The Illinois Gaming Board moved the Land of Lincoln another step closer to entering the sports wagering market late Thursday afternoon when it released Phase 2 of its sports wagering rules.
The IGB has quickened its pace regarding sports betting, having released Phase 1 last month to launch the application process. Illinois Governor J.B. Pritzker signed sports wagering into law last June as part of a massive gaming expansion bill that granted six new casino licenses and authorized up to four horse racetracks to obtain casino licenses. There could be as many as 23 Master Sports Betting Licenses granted overall — 10 casinos, seven sports venues, three horse racetracks, and three non-tethered online/mobile operators — and the gaming age has been set at 21.
The latest release of rules gives priority to the bids that offer the most revenue to the state, considerations regarding the applicant’s character, and also a commitment to ownership diversity and both training and employing minorities before providing provisional approval. The application period is open for 120 days starting with the application posting on the IGB’s website, and the latest rules mandate applicants must have Tier 2 official league data to offer sports wagering.
“Last June, the General Assembly passed and Governor Pritzker signed historic legislation significantly expanding casino/racino gaming, video gaming, and authorizing sports wagering in Illinois,” IGB Administrator Marcus Fruchter said Thursday in a statement released by the board. “The Illinois Gaming Board has been working in an orderly and transparent way to enact gaming expansion that best serves Illinois and adheres to the Sports Wagering Act.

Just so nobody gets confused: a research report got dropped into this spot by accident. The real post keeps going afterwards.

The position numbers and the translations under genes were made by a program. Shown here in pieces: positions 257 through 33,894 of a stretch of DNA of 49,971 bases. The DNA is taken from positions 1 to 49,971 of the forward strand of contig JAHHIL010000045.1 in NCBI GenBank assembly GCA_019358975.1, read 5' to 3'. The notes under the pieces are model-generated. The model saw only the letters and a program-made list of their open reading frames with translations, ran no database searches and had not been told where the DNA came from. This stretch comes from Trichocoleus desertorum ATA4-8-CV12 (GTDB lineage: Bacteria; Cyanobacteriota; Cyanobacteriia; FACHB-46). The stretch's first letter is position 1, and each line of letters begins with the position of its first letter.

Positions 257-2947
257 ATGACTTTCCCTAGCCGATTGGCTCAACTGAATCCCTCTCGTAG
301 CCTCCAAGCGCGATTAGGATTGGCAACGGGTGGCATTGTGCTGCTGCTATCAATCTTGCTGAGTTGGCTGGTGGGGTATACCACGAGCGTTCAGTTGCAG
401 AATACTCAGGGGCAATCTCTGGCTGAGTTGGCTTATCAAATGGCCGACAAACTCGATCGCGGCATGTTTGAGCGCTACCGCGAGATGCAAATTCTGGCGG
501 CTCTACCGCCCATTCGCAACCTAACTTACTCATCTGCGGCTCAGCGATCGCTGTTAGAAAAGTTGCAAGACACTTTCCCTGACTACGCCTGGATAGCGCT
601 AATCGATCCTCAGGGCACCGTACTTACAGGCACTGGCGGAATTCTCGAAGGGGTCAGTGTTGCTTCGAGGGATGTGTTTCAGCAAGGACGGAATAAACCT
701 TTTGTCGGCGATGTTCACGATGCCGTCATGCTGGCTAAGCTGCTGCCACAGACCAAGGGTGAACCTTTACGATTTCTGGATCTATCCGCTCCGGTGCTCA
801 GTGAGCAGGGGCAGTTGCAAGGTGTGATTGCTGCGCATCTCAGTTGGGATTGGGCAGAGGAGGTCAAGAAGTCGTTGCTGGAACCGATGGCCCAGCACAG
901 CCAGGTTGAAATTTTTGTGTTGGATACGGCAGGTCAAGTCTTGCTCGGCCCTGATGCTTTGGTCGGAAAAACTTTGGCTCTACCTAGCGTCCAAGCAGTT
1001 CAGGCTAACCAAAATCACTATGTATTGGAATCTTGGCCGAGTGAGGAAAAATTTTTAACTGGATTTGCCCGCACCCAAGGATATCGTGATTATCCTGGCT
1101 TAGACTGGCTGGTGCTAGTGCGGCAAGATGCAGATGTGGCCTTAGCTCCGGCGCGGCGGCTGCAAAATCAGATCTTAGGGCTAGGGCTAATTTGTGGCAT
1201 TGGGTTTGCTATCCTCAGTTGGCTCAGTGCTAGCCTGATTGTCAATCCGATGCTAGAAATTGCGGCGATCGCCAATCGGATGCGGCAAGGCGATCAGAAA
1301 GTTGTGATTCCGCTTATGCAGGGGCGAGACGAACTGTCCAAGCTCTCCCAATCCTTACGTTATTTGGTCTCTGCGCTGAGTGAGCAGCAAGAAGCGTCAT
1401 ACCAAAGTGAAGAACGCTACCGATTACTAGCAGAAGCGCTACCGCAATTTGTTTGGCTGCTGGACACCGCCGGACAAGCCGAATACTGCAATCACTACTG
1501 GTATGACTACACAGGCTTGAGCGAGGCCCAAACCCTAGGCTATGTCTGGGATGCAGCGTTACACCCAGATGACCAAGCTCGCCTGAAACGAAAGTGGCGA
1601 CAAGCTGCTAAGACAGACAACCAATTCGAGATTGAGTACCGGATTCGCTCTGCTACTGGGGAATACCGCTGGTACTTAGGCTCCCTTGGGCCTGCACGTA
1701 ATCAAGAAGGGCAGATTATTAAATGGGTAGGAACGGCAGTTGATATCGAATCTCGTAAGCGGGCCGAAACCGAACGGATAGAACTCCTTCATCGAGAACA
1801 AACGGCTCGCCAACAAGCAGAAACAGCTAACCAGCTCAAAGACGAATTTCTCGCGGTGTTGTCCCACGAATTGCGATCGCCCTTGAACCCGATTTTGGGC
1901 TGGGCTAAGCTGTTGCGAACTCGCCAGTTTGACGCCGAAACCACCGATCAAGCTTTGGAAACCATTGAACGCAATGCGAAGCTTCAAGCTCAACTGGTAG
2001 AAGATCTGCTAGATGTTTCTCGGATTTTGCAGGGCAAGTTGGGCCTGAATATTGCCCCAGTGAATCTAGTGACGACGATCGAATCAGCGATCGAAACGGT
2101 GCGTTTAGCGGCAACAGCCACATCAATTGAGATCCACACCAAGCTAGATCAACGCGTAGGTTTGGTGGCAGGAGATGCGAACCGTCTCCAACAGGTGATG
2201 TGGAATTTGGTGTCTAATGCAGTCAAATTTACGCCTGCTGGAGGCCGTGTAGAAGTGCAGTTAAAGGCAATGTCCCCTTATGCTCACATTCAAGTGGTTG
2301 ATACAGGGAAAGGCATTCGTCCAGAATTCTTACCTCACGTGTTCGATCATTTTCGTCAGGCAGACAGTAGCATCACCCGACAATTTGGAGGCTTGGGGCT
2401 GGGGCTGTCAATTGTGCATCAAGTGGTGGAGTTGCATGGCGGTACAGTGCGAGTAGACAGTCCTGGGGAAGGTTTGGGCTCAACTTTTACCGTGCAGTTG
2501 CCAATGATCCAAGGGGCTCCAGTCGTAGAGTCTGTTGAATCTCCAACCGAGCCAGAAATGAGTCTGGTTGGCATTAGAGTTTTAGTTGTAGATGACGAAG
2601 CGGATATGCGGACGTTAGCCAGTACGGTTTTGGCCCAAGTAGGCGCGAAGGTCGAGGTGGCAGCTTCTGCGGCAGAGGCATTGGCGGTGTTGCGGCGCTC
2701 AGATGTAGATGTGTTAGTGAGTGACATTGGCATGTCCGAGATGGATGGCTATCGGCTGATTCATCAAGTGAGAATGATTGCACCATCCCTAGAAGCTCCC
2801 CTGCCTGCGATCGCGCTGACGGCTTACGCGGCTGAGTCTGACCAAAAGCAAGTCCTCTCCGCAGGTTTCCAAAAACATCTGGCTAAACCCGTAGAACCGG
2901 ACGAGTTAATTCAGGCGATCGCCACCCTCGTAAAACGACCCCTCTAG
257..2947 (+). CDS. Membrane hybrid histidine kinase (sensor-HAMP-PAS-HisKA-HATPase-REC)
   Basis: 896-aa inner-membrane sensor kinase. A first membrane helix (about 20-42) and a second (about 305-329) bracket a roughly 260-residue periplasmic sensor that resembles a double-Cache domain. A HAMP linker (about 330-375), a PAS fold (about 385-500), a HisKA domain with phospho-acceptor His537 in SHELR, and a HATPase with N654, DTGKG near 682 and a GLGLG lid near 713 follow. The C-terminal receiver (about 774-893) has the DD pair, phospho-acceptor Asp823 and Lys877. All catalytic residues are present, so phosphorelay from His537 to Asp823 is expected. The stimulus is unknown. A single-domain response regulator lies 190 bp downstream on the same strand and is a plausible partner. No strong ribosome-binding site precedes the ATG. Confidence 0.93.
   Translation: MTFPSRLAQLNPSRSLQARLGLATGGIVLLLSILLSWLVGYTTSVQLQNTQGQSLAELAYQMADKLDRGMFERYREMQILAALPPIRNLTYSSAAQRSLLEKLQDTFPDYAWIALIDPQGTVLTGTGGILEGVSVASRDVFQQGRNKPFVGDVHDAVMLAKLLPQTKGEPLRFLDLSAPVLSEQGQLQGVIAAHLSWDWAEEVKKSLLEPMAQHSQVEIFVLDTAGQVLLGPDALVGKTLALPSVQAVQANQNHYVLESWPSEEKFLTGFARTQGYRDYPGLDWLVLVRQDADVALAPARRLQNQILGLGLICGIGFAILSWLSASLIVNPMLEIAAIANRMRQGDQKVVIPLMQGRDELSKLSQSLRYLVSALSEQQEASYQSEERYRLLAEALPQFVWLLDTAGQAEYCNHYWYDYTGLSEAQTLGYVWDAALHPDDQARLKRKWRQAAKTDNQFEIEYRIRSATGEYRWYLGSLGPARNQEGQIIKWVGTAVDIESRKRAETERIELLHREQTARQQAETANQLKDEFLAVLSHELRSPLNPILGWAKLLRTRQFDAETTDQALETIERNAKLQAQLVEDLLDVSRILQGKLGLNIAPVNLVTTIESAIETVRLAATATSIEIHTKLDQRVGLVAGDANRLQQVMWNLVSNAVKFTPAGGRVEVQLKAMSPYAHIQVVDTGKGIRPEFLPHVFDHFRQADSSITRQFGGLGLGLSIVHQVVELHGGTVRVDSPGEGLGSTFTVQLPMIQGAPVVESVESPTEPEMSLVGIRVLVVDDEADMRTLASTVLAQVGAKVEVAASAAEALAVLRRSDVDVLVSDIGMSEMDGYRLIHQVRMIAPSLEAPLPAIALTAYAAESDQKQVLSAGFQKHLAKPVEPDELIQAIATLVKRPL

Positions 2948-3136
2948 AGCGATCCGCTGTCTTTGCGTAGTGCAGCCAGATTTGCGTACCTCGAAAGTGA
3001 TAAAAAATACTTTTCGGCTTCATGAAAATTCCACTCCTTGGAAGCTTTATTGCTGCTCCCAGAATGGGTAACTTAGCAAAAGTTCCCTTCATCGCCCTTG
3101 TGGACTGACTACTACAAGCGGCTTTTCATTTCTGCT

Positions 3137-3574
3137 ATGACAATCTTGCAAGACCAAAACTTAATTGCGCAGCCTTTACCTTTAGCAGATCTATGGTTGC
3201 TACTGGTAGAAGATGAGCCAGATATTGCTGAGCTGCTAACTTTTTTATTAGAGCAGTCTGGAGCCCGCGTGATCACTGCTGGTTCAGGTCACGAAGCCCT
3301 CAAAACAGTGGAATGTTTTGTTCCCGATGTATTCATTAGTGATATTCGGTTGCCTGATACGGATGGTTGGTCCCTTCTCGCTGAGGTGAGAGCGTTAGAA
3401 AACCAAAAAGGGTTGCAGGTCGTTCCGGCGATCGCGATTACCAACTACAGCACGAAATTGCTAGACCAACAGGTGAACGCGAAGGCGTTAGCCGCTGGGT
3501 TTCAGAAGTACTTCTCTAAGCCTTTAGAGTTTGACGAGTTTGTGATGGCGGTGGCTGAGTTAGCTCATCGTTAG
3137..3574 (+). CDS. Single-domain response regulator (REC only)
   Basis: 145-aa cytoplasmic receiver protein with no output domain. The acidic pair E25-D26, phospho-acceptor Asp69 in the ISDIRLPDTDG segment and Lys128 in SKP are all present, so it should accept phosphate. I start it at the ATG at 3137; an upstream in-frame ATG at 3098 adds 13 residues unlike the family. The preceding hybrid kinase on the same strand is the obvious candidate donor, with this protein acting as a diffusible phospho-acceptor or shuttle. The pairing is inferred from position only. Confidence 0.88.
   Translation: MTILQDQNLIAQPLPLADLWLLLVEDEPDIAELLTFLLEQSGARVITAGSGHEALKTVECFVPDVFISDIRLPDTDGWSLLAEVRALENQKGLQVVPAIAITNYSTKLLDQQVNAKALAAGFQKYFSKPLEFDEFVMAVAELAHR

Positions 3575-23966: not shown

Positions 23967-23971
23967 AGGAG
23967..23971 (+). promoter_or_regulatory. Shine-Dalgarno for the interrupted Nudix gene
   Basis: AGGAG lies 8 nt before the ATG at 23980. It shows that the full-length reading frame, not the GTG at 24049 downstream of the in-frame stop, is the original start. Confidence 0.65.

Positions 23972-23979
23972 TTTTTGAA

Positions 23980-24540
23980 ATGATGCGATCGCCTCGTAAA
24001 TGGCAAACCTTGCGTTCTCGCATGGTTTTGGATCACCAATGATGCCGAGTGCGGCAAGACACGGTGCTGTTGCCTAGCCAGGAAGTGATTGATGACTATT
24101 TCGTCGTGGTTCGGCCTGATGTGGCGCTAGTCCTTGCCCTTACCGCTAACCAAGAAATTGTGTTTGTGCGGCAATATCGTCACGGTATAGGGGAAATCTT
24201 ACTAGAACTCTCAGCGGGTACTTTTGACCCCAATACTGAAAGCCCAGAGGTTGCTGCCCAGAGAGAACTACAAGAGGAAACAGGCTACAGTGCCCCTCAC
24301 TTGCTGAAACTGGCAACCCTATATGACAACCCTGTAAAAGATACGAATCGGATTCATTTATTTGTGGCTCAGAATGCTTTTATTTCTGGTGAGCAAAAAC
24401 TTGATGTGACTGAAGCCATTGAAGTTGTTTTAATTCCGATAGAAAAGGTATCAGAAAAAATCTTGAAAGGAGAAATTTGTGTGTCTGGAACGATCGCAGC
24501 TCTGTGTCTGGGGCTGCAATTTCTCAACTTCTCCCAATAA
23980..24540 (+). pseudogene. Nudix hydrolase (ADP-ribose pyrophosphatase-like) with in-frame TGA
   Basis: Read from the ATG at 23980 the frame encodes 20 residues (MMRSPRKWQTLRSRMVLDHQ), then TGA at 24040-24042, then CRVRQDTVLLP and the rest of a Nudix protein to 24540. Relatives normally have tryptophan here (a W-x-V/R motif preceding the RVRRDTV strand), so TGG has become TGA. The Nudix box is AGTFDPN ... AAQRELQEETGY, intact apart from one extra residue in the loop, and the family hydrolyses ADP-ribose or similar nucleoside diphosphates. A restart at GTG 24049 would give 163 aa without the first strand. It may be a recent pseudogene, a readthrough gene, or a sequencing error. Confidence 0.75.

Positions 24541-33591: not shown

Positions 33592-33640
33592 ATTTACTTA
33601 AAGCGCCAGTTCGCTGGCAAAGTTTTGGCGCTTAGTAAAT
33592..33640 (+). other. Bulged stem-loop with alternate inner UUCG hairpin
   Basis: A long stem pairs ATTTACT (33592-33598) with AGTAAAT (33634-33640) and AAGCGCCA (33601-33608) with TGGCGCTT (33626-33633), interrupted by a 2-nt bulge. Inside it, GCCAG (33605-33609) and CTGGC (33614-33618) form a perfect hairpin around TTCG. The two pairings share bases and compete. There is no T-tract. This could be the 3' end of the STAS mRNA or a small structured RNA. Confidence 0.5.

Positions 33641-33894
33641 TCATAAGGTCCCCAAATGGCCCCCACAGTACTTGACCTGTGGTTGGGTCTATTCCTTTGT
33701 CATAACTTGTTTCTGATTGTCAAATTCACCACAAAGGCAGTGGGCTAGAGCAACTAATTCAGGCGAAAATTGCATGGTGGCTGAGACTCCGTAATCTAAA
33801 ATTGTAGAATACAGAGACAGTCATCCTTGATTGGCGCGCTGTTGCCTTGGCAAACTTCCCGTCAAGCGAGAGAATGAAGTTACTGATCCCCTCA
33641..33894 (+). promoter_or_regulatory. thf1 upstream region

“Today’s release of Phase 2 sports wagering rules is a continuation of that deliberate and thoughtful process, which will allow sports wagering to commence expeditiously and ethically across the state. We look forward to working with our industry partners to ensure that sports wagering in Illinois operates with high integrity in a manner that is compliant, accountable, profitable, and fun.”
In-person registration still required
Online betting sparked a controversy in the months leading up to the passage of the gaming bill in Illinois, with potential online-only operators, such as FanDuel and DraftKings, to serve an 18-month “penalty box” delay after the first on-site license is issued. This stems from a 2015 decision by then-Attorney General Lisa Madigan ruling DFS operators constituted illegal gambling under state law when both companies offered play on their websites to state residents. BetRivers in Des Plaines originally wanted a three-year delay before Pritzker brokered a compromise between the sides.
There is still an in-person requirement to register for an online account until the first mobile license is approved, which could put Illinois at a disadvantage against bordering states Indiana in the short-term and Iowa in the longer term. Online registration is important given the size of the Illinois market, which includes the third-largest city in the United States in Chicago — one of six sites also authorized in the bill to open a casino.